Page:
Duphil has recorded for Polydor, Telefunken (Japan), Marco Polo, Naxos, and Eclectra (Canada) labels. Her upcoming performances include engagements in Eastern Europe, Japan, South America, and tours with the New Zealand Symphony Orchestra and the orchestras of the Australian Broadcasting Corporation. Duphil was on the faculty of the Hong Kong Academy for the Performing Arts before her appointment to Oberlin in 1992.
A native of Youngstown, OH, soprano Amber R. Monroe ’17 is completing her third year as a vocal performance major at Oberlin, where she studies with Timothy LeFebvre. In 2014, Monroe made her Oberlin Opera Theatre debut as Lady Billows in Benjamin Britten’s Albert Herring. In subsequent productions, she performed the roles of the Old Lady in Michael Torke’s Strawberry Fields and, most recently, of Harriet Tubman in a condensed version of Nkeiru Okoye’s Harriet Tubman: When I Crossed the Line to Freedom.
In addition to participating in master classes with such artists as Lawrence Brownlee, Danielle Orlando, Eric Owens, and John L. Demain, Monroe has also attended a number of summer programs in the pursuit of her craft. These include the Italian Opera Study Abroad program held in Pisa and the Oberlin in Italy program in Arezzo, where, as an Emerging Artist, she performed the role of Seleuce in a scene from Handel’s opera Tolomeo. In 2015, she was seen as Helena in Benjamin Britten’s A Midsummer Night’s Dream with the Chicago Summer Opera before continuing on to New York to win the Vocal Arts Competition for Emerging Artists. In summer 2016, she will participate once again in the Oberlin in Italy program, performing the title role in Puccini’s Suor Angelica.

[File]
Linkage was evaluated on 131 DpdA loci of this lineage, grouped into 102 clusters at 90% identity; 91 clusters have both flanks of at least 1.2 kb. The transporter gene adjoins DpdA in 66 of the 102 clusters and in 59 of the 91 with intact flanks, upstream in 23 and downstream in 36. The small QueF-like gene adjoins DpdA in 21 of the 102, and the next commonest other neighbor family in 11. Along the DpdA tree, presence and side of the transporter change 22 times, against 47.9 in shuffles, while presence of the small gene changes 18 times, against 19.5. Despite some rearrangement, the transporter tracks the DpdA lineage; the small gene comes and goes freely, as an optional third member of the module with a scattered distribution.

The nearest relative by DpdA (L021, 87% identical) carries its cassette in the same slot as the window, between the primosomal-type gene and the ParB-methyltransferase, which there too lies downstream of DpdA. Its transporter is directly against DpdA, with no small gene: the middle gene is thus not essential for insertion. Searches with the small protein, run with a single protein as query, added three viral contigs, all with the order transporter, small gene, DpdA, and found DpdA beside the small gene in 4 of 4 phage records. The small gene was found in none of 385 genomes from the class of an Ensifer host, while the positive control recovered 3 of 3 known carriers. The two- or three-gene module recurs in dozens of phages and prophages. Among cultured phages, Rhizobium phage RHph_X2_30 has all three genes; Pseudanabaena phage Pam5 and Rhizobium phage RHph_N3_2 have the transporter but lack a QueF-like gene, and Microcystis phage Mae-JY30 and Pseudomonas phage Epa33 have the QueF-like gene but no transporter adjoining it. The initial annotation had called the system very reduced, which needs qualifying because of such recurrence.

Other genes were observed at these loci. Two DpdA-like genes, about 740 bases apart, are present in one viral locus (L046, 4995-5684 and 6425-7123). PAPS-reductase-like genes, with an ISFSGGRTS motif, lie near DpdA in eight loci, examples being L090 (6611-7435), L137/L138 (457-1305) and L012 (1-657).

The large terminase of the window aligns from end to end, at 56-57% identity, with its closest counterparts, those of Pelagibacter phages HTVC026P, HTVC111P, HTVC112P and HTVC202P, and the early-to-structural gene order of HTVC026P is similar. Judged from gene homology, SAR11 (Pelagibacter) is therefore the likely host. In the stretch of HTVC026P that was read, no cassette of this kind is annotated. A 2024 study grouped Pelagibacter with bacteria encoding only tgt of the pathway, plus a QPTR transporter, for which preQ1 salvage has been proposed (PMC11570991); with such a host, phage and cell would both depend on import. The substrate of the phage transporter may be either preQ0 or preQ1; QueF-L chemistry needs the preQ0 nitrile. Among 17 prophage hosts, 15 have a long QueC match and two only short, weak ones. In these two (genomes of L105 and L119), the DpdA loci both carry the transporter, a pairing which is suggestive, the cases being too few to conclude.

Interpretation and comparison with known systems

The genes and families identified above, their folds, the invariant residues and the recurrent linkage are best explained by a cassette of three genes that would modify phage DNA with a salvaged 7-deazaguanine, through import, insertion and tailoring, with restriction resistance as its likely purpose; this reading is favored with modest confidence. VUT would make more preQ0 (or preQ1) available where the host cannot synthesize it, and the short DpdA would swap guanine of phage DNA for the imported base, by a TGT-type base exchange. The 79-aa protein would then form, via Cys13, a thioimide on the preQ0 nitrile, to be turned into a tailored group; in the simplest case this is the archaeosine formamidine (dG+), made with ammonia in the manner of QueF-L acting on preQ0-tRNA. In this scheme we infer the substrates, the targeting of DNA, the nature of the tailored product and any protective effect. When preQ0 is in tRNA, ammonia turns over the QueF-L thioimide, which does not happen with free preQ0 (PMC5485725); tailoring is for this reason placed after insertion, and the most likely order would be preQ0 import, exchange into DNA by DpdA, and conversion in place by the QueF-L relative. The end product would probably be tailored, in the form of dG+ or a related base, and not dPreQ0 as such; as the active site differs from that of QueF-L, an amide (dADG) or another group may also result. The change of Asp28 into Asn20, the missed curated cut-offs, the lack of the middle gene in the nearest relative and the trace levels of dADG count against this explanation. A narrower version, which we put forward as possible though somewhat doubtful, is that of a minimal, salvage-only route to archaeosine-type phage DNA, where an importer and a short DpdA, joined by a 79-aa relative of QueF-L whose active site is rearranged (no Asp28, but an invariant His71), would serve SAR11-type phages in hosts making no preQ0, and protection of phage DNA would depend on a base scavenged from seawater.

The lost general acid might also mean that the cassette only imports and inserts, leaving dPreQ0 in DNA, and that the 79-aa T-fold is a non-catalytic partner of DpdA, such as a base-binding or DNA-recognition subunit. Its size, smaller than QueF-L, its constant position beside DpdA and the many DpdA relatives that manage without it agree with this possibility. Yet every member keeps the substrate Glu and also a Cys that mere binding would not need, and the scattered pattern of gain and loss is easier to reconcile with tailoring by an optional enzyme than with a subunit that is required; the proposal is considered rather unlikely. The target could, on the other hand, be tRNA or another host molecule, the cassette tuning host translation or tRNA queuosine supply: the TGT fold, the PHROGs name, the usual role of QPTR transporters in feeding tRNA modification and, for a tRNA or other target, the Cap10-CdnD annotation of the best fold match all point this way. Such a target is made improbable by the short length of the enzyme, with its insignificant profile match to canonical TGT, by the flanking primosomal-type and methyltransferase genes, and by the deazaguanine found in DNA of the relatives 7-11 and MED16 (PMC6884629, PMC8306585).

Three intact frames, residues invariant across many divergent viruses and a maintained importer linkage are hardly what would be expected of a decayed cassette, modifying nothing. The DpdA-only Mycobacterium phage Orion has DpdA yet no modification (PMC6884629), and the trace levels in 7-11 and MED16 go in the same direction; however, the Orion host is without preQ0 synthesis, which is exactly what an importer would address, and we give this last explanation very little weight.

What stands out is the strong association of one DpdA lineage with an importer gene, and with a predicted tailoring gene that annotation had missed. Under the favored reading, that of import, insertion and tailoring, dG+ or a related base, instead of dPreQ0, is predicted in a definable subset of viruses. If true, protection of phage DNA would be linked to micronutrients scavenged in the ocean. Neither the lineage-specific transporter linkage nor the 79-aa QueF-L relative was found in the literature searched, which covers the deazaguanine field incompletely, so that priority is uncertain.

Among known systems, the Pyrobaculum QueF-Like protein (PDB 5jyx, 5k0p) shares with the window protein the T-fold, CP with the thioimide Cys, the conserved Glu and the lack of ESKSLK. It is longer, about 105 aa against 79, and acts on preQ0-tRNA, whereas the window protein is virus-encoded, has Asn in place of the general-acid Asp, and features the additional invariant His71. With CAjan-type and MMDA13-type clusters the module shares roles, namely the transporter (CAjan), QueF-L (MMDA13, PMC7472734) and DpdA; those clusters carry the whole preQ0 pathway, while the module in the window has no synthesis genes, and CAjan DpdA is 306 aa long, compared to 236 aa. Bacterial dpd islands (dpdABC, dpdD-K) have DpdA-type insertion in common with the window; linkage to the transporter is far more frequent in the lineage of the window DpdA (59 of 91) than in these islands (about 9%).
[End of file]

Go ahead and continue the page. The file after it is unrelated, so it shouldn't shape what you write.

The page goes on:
Jonathan William Moyer AD ’12 maintains a dynamic career as an organist, pianist, singer, and conductor. He specializes in a vast repertoire from the renaissance to the 21st century, and he has performed throughout the United States, Europe, and Japan, including such venues as Washington National Cathedral, the Musashino Civic Cultural Hall in Tokyo, and at the Dvôrák Spring Festival in Prague and Vienna. He is a member of the critically acclaimed early music vocal ensemble Quire Cleveland.
At the Church of the Covenant in Cleveland, Moyer oversees a music program consisting of a professional and amateur choir, children’s youth and handbell choirs, one of Cleveland’s largest pipe organs (E.M. Skinner/Aeolian Skinner/Holtkamp), the Newberry baroque organ (Richards Fowkes), and a 47-bell Dutch carillon.
In 2008, Moyer performed the complete organ works of Olivier Messiaen in four recitals at the Cathedral of Mary Our Queen in Baltimore, celebrating the centenary of the composer’s birth and the renovation of the cathedral’s organ. Also that year, he received second prize in the Sixth International Musashino Organ Competition in Tokyo, Japan. In 2005, he was one of four finalists in the St. Albans International Organ Competition. He has served on the executive committee of the Cleveland Chapter of the American Guild of Organists as well as adjudicated for the American Guild of Organists Quimby Young Artist Competition and the National Organ Playing Competition in Fort Wayne, IN.
Moyer resides in Shaker Heights, OH, with his wife, organist Kaori Hongo, and sons Christopher Sho and Samuel Kazu.